Stacey hits his best to avoid history

JOSH STACEY successfully defended his island men’s singles crown and avoided the potential banana skin of being Guernsey’s shortest-reigning champion ever.

With this year’s Island Championships taking place less than six months after the Covid-delayed 2020 edition, some real deja vu ensued as Stacey lined up for a repeat final against enduring veteran Phil Ogier at the GTTA Centre on Saturday night.

But Stacey, seeded only fifth on league form, had to work extra hard to even get there.

After his seeding left him playing an extra preliminary compared to his rivals, he edged twin brother Lawrence Stacey in a six-set quarter-final, and top seed Ben Foss proved even more stubborn in their semi.

Foss won the opener and they traded blows from there, until Stacey sealed a seventh-set decider 11-5 with a fine winning shot.

That set up a final with Ogier, fresh from an entertaining six-set win over Paul Hainsworth.

Stacey opened fire by beating the second seed 11-6 in set one – but seven-time champion Ogier always rises to the occasion.

It ultimately proved a cracking final of dynamic play and ranged rallies aplenty.

Ogier stole the second game 11-4, limited Stacey to a two-point win in the third, then inched set four 11-9 as his opponent faltered to costly errors.

Stacey led out the fifth before losing ground in the middle, but he forced several errors to win that one 11-9.

Come the late stages of set six and Ogier was leading 10-8.

A seventh-set decider looked unavoidable. But that would be underestimating Stacey, who rattled off four successive points, from some superb shots to Ogier’s match-losing blunder.

‘I’d have been a really short champion if I’d lost – I thought I’d hold onto it a little bit longer,’ Stacey said.

‘I had a really hard run and I knew it was going to be tough going into it, just because of the draw and my seeding.

‘I thought I’d have to play my best table tennis to come through it.

‘Tonight, I showed up really, compared to how I’ve been playing in the league, so it’s good to save my best for the big occasion.

‘Credit to Phil – he put up a massive battle. He needs to stop getting the ball back, basically.’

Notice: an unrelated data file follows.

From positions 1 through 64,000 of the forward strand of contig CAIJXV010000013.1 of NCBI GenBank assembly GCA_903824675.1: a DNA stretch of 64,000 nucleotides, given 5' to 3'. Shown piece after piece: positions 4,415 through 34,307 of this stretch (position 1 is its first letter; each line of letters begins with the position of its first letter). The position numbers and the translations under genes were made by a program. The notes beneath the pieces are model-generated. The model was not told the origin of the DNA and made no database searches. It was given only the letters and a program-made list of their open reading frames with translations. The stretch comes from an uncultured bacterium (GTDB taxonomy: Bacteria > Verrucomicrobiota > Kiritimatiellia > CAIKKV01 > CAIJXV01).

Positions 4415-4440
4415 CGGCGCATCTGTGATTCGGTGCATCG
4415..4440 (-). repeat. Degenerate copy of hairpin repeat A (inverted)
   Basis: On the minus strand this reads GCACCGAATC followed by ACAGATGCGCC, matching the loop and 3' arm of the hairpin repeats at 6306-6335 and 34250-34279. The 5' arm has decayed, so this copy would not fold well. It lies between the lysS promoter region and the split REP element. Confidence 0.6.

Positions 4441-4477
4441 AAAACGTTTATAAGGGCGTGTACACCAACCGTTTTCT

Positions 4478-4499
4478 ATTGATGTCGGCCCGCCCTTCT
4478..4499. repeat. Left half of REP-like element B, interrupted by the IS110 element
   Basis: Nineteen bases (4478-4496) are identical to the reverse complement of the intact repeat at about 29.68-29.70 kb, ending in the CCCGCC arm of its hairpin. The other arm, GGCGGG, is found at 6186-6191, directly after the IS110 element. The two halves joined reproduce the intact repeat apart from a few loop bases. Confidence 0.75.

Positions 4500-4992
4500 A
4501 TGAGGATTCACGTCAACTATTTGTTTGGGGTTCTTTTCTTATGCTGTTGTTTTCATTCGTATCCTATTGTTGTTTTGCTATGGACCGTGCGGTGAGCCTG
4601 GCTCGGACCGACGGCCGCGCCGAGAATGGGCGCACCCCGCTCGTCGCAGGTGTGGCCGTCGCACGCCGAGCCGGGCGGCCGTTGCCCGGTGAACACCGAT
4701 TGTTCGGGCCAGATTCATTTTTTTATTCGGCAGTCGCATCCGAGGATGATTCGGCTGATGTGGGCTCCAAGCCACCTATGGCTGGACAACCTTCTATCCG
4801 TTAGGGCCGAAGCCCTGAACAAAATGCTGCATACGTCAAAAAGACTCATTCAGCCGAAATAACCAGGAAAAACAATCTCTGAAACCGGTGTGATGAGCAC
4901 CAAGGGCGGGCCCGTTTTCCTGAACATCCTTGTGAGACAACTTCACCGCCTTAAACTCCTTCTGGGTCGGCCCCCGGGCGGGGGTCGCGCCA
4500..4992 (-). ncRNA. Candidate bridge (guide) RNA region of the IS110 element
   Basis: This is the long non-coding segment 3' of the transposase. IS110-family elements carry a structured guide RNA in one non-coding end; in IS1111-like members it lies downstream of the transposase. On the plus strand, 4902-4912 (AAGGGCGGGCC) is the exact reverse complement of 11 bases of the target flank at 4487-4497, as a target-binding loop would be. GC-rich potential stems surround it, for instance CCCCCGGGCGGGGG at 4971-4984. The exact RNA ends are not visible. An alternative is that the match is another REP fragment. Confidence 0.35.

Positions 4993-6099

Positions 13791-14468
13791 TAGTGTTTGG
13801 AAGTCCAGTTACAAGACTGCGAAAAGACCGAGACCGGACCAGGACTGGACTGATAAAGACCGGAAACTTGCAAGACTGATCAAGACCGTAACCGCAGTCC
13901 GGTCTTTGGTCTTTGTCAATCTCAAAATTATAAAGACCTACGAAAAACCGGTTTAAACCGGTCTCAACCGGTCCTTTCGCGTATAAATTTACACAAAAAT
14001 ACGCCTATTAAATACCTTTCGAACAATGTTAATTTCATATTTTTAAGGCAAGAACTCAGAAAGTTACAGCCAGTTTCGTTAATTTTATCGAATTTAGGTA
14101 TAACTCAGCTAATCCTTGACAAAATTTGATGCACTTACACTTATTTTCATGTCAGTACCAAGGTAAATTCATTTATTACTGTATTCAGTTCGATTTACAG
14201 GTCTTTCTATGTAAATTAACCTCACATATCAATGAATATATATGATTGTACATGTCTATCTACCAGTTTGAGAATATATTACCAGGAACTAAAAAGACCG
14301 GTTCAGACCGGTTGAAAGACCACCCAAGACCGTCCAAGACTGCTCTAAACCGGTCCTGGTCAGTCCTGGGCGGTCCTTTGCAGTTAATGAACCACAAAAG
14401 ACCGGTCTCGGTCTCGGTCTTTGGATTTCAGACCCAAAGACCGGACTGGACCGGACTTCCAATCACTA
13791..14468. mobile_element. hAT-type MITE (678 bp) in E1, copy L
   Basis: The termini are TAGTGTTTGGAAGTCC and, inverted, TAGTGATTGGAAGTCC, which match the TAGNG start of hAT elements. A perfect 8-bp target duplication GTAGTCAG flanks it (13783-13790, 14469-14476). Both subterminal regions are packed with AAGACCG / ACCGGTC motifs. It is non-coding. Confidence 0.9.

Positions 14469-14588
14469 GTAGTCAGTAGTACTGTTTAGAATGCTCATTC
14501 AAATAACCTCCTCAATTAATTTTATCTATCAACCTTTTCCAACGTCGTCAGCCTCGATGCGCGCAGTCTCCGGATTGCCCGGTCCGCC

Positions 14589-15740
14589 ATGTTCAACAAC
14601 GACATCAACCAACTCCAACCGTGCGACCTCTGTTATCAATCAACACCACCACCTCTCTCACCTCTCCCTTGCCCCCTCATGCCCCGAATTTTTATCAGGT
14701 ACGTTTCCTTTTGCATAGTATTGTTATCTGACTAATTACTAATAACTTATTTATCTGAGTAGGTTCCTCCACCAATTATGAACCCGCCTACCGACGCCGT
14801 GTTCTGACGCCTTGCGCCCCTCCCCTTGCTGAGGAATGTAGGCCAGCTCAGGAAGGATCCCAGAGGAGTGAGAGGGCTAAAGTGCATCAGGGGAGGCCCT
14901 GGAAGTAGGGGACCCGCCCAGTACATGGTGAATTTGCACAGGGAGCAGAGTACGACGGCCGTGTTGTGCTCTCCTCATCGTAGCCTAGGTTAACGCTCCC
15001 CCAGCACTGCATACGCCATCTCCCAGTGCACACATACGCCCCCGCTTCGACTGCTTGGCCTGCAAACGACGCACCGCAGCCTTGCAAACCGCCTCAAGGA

A second title for Stacey, but No. 23 for top woman Dawn Morgan.

Morgan’s dominance is not to be taken for granted – as a nail-biting seven-set final showed.

The women's singles final between Kay Chivers (left) and Dawn Morgan. (Picture by Andrew Le Poidevin, 29502188)

Beyond her advancing age and rheumatoid arthritis, the main thorn in her side is rival veteran Kay Chivers.

Morgan won the first set but Chivers really rattled her in the next three, playing some sharp shots and testing the reigning champion’s composure.

From the perilous position of 3-1 down, Morgan finally settled to win the next three sets 11-5, 11-6 and 11-5 as Chivers’ shots increasingly failed to hit the mark.

‘I would have liked to have been more attacking than what I was, but my hit wasn’t going,’ Morgan said.

‘Kay was playing really crisply... and I was thinking I’d have to do something to stop that.

‘It was just grinding it out really. You do what you have to to get the result at the end of the day, but I’m very pleased, having trailed, with coming back to win.’

Morgan had got there by beating Charlotte Casey in straight sets, and Chivers took five to get past Juliette Yeaman.

On Friday, in the opening over-60s singles event, Mark Pipet overcame second seeded Chivers in the final over five sets.

The shock result of the event was an excellent straight sets win for Third Division player Mark Windsor over third seed and GTTA president Derek Webb.

In the restricted singles, which excludes players who have competed in the Green Trophy Inter-Insular event during the past two seasons, Paul Hainsworth made it title number seven courtesy of a straight sets win over third seed Jamie Ferbrache.

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